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Big Data and Rising Internet Use Require Innovative Reference Data Management Solutions

Big data and internet proliferation are creating great opportunities in the financial sector, but firms must move quickly to develop innovative reference data solutions if they are to take advantage of these opportunities and remain competitive.

Presenting at an ISITC Europe reference data briefing, Ken Price, vice president of sales at data management specialist Strevus and former co-founder and CEO of Avox, considered how the global growth of internet use and development of big data may influence reference data management in future.

Price reported statistics published in a May 2013 Internet Trends report from venture capital firm Kleiner Perkins Caufield Byers showing 2.4 billion internet users in 2012 and 8% year-on-year growth, driven predominantly by emerging markets. Statistics from www.internetstats.com highlight these markets, with Africa, by way of example, showing an increase of over 3,000% in internet users from 2000 to 2012 and now hosting over 167 million uses. In the same period, internet use in the Middle East rose by over 2,000% to create over 90 million users.

Considering these statistics, Price highlighted the extent of internet connectivity and suggested that, from a reference data point of view, it is time to increase attention given to regions such as Africa and the Middle East.

Turning to big data, Price quoted IDC statistics suggesting that the amount of global digital information that was created and shared rose nine-fold to nearly 2 zettabytes – a zettabyte is a trillion gigabytes – in the five years to 2011 and could reach towards 8 zettabytes in 2015. Data variety and complexity is increasing, while information assets such as people and companies, products, look-up data and integration adapters continue to add to the volume. Allied to big data are the analytics that give meaning to the data and provide opportunities for data collaboration and process improvement.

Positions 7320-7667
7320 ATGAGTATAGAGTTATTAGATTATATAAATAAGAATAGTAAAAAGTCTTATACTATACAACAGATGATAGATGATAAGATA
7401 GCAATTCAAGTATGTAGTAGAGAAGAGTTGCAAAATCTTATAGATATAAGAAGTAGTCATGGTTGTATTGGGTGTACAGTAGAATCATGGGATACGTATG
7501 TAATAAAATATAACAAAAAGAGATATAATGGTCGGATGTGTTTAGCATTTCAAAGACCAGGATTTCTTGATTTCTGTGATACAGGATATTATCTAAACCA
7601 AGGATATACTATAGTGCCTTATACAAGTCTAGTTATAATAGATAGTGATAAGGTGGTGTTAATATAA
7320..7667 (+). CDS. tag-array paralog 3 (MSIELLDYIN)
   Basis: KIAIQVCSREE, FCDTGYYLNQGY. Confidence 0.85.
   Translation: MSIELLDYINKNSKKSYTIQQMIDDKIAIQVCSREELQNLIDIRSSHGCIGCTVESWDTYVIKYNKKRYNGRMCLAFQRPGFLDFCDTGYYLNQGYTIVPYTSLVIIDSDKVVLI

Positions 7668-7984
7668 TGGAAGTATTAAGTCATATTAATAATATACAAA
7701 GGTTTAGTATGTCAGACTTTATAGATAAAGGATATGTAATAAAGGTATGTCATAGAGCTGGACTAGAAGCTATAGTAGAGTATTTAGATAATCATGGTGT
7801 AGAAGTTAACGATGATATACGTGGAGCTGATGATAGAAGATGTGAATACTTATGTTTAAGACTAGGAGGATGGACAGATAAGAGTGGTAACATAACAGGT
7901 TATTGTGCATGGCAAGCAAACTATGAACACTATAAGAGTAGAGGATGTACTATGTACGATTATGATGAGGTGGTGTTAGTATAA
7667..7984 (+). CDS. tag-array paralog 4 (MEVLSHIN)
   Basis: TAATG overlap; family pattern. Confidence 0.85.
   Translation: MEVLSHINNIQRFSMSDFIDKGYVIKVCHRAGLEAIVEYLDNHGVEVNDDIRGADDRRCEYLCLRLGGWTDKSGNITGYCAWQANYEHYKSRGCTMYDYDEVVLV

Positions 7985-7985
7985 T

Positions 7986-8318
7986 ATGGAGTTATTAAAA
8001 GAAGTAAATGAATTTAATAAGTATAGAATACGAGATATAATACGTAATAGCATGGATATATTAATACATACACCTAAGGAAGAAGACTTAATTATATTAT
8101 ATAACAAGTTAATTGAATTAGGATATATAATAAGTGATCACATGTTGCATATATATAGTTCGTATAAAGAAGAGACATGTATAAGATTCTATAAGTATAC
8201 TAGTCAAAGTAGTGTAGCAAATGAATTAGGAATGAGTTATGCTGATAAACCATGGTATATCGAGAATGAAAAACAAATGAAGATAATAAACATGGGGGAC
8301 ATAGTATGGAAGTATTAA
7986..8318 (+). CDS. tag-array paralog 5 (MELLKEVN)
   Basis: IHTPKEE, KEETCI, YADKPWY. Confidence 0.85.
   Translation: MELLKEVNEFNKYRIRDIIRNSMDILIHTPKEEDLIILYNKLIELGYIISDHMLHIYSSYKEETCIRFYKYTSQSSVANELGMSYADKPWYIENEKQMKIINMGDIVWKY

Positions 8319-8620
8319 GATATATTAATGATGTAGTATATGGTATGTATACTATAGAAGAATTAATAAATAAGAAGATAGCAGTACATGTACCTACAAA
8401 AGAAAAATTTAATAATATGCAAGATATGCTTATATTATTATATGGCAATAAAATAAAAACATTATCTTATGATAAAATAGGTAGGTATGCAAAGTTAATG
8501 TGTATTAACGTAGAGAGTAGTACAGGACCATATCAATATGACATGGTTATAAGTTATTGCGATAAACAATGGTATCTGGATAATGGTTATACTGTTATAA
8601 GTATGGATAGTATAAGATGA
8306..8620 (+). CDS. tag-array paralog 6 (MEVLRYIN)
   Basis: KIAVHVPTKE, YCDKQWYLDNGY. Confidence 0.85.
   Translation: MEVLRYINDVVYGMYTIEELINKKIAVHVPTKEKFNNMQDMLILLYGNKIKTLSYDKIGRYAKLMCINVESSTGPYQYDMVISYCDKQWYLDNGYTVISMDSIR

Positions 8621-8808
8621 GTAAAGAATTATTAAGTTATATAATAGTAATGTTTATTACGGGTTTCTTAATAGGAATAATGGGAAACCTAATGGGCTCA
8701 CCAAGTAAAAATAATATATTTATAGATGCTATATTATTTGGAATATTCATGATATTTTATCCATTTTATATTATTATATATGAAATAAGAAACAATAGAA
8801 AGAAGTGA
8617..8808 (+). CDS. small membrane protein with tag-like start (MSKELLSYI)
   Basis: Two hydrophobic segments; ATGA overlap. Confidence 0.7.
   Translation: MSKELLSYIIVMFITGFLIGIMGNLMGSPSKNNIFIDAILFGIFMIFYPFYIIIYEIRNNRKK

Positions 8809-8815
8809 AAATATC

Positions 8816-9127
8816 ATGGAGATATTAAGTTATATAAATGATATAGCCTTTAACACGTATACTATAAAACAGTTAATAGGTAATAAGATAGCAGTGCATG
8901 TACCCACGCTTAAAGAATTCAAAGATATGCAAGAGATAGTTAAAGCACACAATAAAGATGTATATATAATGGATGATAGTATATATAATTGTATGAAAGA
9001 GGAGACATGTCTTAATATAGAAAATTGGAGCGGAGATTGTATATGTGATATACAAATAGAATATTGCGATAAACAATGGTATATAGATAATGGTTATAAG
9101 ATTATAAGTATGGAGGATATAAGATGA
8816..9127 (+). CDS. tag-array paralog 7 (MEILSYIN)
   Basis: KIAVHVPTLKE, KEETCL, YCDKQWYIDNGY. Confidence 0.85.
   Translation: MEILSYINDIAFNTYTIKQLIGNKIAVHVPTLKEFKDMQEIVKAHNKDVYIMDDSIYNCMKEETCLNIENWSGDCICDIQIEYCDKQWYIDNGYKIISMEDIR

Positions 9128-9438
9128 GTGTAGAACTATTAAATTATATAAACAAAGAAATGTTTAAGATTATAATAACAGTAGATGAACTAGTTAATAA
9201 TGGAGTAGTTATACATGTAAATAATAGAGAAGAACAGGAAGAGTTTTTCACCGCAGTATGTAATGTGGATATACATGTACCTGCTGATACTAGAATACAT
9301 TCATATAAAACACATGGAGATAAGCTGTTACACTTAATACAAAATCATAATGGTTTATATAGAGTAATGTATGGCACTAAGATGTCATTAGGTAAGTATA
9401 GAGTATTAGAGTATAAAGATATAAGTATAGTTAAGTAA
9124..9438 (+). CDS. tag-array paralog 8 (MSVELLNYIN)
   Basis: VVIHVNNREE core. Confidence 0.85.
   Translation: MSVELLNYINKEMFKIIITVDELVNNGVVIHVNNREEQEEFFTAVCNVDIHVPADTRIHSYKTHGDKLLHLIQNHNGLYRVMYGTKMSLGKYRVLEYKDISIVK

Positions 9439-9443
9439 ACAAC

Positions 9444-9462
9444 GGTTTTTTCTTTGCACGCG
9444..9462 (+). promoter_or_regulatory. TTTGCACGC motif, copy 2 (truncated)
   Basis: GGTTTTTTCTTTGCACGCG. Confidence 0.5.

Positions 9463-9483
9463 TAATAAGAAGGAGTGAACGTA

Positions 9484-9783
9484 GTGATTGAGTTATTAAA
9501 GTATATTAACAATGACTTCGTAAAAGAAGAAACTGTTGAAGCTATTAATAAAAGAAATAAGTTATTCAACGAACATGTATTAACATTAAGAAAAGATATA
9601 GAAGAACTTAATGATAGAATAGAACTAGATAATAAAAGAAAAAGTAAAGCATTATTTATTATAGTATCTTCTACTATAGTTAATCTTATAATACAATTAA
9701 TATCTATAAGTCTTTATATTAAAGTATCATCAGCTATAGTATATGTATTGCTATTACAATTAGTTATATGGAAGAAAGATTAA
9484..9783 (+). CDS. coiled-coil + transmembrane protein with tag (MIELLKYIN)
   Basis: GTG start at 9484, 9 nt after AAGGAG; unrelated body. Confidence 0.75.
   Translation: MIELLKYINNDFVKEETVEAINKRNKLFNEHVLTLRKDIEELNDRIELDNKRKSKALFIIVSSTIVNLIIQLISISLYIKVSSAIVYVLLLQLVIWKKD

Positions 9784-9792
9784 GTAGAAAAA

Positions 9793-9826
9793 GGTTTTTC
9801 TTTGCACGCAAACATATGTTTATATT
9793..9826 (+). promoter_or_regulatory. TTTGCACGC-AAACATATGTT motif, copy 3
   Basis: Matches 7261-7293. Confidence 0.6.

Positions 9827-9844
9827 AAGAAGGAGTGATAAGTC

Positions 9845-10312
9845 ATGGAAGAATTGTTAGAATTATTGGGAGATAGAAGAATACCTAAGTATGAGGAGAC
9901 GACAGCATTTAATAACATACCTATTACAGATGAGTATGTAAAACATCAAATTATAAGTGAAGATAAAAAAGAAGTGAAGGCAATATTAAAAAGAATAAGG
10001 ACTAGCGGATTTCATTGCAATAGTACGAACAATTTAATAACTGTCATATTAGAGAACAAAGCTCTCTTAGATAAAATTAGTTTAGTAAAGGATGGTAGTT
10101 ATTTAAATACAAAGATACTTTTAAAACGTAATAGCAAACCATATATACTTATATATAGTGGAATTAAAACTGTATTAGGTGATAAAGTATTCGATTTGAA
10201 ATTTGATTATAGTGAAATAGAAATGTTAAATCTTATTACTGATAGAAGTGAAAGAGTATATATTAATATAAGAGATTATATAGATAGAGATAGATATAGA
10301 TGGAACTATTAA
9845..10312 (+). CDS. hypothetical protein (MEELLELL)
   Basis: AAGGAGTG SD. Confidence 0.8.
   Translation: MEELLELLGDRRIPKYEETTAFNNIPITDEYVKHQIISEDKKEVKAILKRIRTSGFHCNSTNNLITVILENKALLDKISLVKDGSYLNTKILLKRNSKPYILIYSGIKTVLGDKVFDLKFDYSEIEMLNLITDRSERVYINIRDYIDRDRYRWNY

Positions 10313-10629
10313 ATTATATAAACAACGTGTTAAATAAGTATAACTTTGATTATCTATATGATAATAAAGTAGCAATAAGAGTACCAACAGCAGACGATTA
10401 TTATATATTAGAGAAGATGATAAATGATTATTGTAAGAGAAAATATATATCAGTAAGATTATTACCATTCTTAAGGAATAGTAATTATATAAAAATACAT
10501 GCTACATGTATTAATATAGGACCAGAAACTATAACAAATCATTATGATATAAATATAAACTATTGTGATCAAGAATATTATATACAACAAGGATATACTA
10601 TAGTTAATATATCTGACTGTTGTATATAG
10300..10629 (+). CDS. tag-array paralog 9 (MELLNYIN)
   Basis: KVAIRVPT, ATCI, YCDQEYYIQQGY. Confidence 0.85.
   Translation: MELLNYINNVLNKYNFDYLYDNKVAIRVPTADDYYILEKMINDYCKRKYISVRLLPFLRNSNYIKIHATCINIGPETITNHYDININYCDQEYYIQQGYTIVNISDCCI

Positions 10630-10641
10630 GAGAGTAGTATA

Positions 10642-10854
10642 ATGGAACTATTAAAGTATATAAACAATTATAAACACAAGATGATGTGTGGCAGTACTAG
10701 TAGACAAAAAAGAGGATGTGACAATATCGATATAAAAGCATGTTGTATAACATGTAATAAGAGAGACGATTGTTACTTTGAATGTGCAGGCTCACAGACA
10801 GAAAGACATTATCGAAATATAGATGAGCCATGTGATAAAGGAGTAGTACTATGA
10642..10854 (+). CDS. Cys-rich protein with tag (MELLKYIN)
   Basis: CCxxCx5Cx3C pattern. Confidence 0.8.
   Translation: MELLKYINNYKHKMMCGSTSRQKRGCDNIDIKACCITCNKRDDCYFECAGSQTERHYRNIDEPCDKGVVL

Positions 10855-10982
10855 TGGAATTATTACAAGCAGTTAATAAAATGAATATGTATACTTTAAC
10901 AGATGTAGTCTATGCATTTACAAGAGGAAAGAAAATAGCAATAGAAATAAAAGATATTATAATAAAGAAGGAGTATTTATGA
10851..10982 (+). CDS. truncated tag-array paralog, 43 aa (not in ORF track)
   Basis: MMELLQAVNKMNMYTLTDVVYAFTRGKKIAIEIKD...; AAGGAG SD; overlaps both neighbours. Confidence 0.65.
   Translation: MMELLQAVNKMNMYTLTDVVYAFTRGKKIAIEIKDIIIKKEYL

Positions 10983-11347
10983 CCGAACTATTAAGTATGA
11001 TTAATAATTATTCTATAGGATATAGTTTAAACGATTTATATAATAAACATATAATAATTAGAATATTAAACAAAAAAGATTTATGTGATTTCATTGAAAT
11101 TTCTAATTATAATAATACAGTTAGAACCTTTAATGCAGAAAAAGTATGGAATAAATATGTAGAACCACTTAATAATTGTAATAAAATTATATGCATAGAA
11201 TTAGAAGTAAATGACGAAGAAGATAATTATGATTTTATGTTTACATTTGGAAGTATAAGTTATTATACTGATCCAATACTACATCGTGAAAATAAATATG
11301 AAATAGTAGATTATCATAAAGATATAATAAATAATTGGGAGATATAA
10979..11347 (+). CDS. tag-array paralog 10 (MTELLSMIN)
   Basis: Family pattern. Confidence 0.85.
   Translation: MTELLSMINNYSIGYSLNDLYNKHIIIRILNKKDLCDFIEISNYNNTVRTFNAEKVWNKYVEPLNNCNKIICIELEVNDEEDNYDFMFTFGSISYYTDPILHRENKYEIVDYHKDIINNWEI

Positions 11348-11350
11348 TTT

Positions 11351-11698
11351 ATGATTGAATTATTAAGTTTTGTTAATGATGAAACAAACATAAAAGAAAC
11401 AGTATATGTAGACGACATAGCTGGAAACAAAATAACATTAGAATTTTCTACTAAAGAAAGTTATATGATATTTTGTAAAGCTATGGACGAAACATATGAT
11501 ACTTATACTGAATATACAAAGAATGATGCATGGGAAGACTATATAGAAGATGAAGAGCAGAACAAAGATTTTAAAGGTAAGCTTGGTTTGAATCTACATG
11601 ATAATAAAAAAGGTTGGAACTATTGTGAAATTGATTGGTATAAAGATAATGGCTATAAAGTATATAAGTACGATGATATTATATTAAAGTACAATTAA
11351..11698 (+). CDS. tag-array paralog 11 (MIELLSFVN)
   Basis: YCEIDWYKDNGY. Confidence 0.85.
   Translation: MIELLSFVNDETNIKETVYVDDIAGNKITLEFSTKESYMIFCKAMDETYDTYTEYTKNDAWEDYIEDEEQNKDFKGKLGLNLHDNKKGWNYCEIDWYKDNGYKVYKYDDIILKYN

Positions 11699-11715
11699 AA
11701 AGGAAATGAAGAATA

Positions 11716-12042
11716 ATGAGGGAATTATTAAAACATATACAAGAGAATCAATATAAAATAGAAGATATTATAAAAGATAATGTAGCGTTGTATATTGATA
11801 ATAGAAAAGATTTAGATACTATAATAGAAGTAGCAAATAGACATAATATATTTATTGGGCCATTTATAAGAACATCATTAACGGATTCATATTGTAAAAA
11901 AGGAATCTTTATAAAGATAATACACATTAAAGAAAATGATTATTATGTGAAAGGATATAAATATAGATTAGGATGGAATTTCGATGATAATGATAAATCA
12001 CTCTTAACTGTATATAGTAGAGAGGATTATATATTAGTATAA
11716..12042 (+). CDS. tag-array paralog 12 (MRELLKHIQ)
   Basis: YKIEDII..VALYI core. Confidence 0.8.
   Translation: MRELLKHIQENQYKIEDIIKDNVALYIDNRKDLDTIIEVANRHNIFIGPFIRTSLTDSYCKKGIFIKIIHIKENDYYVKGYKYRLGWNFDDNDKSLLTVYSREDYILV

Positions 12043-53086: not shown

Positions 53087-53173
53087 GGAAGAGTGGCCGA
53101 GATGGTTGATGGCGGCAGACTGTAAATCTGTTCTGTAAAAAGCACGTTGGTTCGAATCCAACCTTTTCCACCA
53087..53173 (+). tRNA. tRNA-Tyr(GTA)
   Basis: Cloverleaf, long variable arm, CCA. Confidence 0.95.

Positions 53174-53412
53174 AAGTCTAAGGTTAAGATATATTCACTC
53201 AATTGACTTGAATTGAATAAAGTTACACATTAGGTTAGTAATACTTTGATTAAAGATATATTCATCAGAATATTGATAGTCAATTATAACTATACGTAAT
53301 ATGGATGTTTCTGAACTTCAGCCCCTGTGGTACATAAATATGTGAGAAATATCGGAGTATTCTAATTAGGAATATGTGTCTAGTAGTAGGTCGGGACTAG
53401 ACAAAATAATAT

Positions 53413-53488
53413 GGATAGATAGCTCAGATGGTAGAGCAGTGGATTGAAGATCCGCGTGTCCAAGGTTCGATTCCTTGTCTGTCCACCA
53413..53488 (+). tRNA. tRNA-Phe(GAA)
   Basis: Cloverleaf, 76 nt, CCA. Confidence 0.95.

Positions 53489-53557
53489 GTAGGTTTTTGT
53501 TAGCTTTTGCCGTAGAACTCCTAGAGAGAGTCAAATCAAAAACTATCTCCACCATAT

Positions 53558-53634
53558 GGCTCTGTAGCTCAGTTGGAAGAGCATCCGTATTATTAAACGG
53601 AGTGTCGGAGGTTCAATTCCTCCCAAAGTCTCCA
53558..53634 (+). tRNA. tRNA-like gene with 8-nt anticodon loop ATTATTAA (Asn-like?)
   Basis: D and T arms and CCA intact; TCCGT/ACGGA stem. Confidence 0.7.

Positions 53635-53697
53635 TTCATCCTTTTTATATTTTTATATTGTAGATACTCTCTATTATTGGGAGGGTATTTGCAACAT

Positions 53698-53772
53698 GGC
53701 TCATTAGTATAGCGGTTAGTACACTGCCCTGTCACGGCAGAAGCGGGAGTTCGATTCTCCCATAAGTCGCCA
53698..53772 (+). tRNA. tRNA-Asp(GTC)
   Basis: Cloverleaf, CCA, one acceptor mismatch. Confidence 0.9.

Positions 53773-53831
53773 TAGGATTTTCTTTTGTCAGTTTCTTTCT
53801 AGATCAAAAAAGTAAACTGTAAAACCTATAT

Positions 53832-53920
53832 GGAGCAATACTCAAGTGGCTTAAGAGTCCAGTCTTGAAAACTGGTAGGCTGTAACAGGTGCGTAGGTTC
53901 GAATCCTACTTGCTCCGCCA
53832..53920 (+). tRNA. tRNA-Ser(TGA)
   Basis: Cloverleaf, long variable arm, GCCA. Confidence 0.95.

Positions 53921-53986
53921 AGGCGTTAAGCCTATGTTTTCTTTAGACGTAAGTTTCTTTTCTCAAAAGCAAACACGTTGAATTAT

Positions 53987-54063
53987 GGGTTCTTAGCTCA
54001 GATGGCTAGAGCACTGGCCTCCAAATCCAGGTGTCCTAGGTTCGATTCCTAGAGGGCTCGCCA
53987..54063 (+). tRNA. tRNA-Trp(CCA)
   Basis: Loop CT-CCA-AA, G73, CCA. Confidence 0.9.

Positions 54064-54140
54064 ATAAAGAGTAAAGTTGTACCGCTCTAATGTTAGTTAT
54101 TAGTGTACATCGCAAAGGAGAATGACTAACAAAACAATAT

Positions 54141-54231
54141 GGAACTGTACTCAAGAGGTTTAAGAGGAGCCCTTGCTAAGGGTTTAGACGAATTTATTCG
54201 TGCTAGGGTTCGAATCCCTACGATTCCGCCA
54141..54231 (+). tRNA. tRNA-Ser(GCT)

Price argued that embracing big data and rising internet use can deliver significant benefits including meaningful reputation and trust scores, more accountable data quality, robust and real-time benchmarks, and the ability to more quickly identify trends, symptoms and opportunities. But he warned that financial firms need to acknowledge change and move quickly to capture these benefits.

Challenges along the way include tearing down the cost of regulatory compliance, which can consume 85% of IT budgets, and wising up to emerging niche companies such as Lending Club, bitcoin and Chase Mobile banking that use hosted services to set up quickly and infiltrate traditional markets.

Price noted that the industry is moving forward, but pointed to issues in client outreach that are holding back development, such as a lack of structure in client on-boarding and workflow, and companies’ ongoing commitment to paper documents and wet signatures. The answers here are web portals that empower users, mobile access to services, electronic validation of forms and electronic signatures. These solutions can deliver an improved customer experience, efficiency gains, better data quality and an accumulation of valuable data.

With this type of progress in process, Price looked to a future in which financial firms integrate know-your-customer, anti-money laundering and client on-boarding with social media such as LinkedIn, Facebook and Twitter. A future where automated cross referencing leverages data use patterns and becomes highly reliable, and where collaboration will extend to proactive sharing of legal opinions, regulatory interpretations and compliance standards, data feed adaptors and applications. Similarly, regulators will collaborate more productively with firms in their jurisdiction and software-as-a-service and data-as-a-service will become the norm. The regulatory burden, Price concluded, can be converted into an opportunity to improve infrastructure and the customer experience, while the development of innovative reference data solutions can help financial firms remain cost competitive.

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